ISPs Pitch In to Stop Spam
Some major Internet service providers recently have come to this realization about the fight against spam: They are both part of the solution and part of the problem.
Every U.S. ISP uses antispam techniques to catch unwanted messages coming into their networks before they reach users. Recently, thanks to the urging of industry groups and coordination among providers, ISPs also are taking measures to limit the spam emanating from their networks. While no one is declaring the war won, they have discovered that making relatively simple changes to network policies can have a significant effect on reducing unwanted e-mail.
ISPs are "starting to realize that outbound spam . . . out of their networks is one of the biggest problems they need to solve," says Rich Wong, general manager of messaging with Openwave Systems, which makes ISP-class messaging software. Wong is chairman of the Messaging Anti-Abuse Working Group. "The ISP industry is clearly recognizing the issue and taking proactive steps to solve this problem," he says.
Targeting Port 25
MAAWG says one of the most effective steps ISPs can take to cut down on outgoing spam is to block or filter e-mail sent via Port 25, a gateway that pumps Internet e-mail past an ISP's server, not through it where it can be filtered. Blocking Port 25 means users must send e-mail through the ISP's mail server, therefore letting the provider monitor traffic flowing out of its network. Last month, the Anti-Spam Technical Alliance, formed last year by Yahoo, America Online, EarthLink, and Microsoft, issued a list of antispam recommendations that includes filtering Port 25.
"Installing Port 25 filters dramatically reduced our outbound spam," says Jeff Hartley, manager of engineering security and abuse with Cox Communications, a member of MAAWG. Last summer the broadband provider, which has about 2 million customers, began blocking all outbound e-mail sent by residential subscribers that used Port 25 and sent that mail through Cox's own servers. This way the company can catch spam blasts before they leave the Cox network. The company lets certain residential subscribers continue to use their e-mail servers once the company validates them as legitimate senders, he adds.
About half of the ISPs in the United States put some controls on Port 25, Hartley estimates. The most recent to do so was Comcast, the country's largest broadband provider, resulting in one-third less spam coming out of its network, according to spokeswoman Jeanne Russo.
Yet blocking Port 25 isn't a no-brainer. ISPs with commercial users who need to operate their own e-mail servers can't stop them from doing so because part of the service ISPs provide is carrying messages to and from the customer's e-mail server over their networks.
"A lot of people are . . . complaining that if ISPs shut down Port 25, it turns off their ability to run (their own) mail servers," says Matthew Prince, CEO of consulting firm Unspam. "ISPs must do it responsibly. Some people are rightful users of Port 25, and it's important that we maintain their rights."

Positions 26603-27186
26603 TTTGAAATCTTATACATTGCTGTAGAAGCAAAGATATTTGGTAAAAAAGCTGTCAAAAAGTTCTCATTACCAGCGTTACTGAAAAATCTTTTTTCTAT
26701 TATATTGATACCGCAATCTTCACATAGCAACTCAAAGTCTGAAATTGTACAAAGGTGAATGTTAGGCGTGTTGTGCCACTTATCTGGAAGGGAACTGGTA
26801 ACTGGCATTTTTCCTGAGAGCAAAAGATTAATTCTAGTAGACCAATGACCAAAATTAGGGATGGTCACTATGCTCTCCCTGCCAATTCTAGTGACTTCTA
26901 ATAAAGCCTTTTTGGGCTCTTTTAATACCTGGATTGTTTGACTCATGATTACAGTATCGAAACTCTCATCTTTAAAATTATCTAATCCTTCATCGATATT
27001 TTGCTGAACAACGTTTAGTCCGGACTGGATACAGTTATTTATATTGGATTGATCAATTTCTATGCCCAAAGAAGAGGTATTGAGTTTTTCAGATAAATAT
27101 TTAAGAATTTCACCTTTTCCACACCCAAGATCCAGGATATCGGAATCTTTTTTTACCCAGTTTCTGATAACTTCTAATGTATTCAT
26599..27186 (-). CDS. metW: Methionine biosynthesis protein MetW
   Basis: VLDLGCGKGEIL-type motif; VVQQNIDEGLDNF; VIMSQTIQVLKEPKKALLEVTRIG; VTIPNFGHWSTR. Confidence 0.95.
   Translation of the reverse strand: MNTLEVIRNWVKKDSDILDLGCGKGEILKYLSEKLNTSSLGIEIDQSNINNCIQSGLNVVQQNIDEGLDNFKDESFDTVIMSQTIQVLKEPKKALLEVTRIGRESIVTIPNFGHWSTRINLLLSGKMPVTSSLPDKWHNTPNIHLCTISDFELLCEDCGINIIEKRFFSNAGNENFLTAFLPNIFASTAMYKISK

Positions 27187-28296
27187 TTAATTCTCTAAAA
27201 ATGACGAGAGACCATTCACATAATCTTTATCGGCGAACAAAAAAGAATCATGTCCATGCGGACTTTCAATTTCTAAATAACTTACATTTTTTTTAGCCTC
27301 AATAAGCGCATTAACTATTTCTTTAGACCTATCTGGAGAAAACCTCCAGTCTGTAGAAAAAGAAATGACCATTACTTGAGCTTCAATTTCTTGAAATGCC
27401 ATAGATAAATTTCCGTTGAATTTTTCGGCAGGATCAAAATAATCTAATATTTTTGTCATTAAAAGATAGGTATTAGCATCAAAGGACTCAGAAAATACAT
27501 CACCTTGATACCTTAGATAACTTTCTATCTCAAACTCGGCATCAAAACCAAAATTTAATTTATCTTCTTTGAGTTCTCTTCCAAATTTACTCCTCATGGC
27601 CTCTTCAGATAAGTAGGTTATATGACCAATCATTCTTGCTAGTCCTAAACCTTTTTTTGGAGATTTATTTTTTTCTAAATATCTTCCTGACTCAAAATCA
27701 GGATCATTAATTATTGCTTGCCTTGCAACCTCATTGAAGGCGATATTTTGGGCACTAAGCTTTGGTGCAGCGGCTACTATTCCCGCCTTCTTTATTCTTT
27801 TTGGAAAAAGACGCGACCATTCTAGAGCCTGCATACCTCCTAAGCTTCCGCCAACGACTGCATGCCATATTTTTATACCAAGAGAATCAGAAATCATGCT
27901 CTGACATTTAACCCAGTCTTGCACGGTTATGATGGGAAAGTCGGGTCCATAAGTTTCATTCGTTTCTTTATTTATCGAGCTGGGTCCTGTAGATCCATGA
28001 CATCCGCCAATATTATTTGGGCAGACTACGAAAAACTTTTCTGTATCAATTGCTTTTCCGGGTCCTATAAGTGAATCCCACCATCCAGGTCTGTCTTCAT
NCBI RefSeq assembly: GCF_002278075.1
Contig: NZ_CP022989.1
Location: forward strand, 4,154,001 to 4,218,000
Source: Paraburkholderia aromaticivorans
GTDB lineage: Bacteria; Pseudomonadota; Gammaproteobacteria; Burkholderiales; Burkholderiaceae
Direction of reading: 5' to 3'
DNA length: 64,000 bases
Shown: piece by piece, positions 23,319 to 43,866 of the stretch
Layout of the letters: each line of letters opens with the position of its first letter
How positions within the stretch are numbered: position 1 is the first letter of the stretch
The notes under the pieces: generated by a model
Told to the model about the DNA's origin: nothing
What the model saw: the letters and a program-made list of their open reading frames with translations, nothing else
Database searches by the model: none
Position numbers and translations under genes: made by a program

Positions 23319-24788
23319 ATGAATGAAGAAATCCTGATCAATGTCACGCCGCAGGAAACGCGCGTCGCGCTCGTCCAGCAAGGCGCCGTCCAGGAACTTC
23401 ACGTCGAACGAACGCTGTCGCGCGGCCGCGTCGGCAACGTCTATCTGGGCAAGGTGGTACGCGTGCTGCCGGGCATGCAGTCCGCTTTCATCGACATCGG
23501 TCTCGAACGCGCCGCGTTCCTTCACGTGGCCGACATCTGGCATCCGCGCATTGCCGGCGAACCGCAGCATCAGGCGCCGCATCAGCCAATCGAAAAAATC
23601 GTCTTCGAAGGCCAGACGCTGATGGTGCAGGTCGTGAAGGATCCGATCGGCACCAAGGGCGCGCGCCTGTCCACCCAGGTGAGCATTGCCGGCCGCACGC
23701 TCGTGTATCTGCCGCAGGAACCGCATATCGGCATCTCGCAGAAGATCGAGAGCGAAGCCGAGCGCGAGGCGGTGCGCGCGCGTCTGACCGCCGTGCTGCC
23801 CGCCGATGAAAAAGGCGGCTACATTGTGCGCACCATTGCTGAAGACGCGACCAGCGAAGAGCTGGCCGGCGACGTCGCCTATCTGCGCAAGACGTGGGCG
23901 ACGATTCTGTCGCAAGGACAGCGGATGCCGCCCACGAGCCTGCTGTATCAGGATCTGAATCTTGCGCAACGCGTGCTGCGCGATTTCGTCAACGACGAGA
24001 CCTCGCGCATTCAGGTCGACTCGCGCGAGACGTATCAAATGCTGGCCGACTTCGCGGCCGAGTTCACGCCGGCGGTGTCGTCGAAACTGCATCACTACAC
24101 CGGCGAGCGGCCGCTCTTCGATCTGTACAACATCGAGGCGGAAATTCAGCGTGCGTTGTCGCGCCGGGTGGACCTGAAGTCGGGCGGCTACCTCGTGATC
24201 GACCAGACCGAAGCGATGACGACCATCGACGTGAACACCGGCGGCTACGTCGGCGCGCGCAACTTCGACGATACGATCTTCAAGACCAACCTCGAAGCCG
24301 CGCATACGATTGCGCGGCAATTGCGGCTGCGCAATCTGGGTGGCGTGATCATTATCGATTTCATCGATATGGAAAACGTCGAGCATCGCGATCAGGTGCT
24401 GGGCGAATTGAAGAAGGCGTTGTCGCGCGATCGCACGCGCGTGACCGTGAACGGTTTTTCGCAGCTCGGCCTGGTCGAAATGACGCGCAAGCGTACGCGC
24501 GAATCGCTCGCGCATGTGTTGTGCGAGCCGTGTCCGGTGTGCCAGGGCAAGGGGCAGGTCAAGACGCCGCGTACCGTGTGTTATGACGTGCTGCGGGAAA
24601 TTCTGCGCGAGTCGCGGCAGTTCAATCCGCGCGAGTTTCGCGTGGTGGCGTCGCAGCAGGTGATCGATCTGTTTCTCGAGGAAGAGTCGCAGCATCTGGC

Sprint says it is not overly concerned that customers of its SprintLink IP network will use the service for spamming because the majority of these customers are large businesses. Sprint does not block Port 25 on its SprintLink service because these business customers need to be able to send e-mail from their own servers.
However, because of the proliferation of compromised computers, or zombies--those infected by a virus or worm and turned into spammer e-mail servers--Sprint has to deal with complaints of spam coming from SprintLink when a customer site has been infiltrated, says David Ham, Sprint's director of Internet services. In those cases, Sprint determines where the unwanted messages are coming from and contacts the customer so the zombie PCs can be shut down.
"I do believe ISPs need to be spam cops; I don't know that we have any other choice," Ham says.
ISPs have found other ways to curb outbound spam. Comcast says it's experienced a one-third reduction in outgoing spam since filtering Port 25. That reduction came after it already saw a 75 percent drop in spam on its network in the two previous months from other initiatives. Those include close monitoring of its network for spamming patterns and working with industry groups to help curb spam, Russo says.
Another effort MAAWG recommends is for ISPs to keep a close eye on their acceptable-use policies, which dictate the terms of a subscriber's agreement and usually place limits on their e-mail use, such as the number of e-mails that can be sent per month or the number of recipients allowed per e-mail. Usage that violates these terms usually points to a compromised computer, MAAWG's Wong says.
In another attempt to fight outbound spam, ISPs have begun hiring staff to watch the e-mail traffic flowing in and out of the network. For example, EarthLink's abuse team is a group of 14 professionals who monitor e-mail spikes, learn spammers' patterns, and slow down the mail stream of suspected spammers, says Mary Youngblood, the ISP's abuse team manager. This team also keeps an eye on the e-mail coming from customer Web sites that it hosts.
Despite these efforts, experts say the spam war will continue to escalate, particularly as armies of zombies spread around the world. "U.S.-based ISPs are among the first wave of ISPs that need to deal with the (zombie) problem. This is because of the higher penetration of home PCs and always-on connections," says Richi Jennings, an analyst with Ferris Research. But as broadband connections become more popular in other parts of the world, there will be more take-over targets who turn unsuspecting PCs into spam blasters.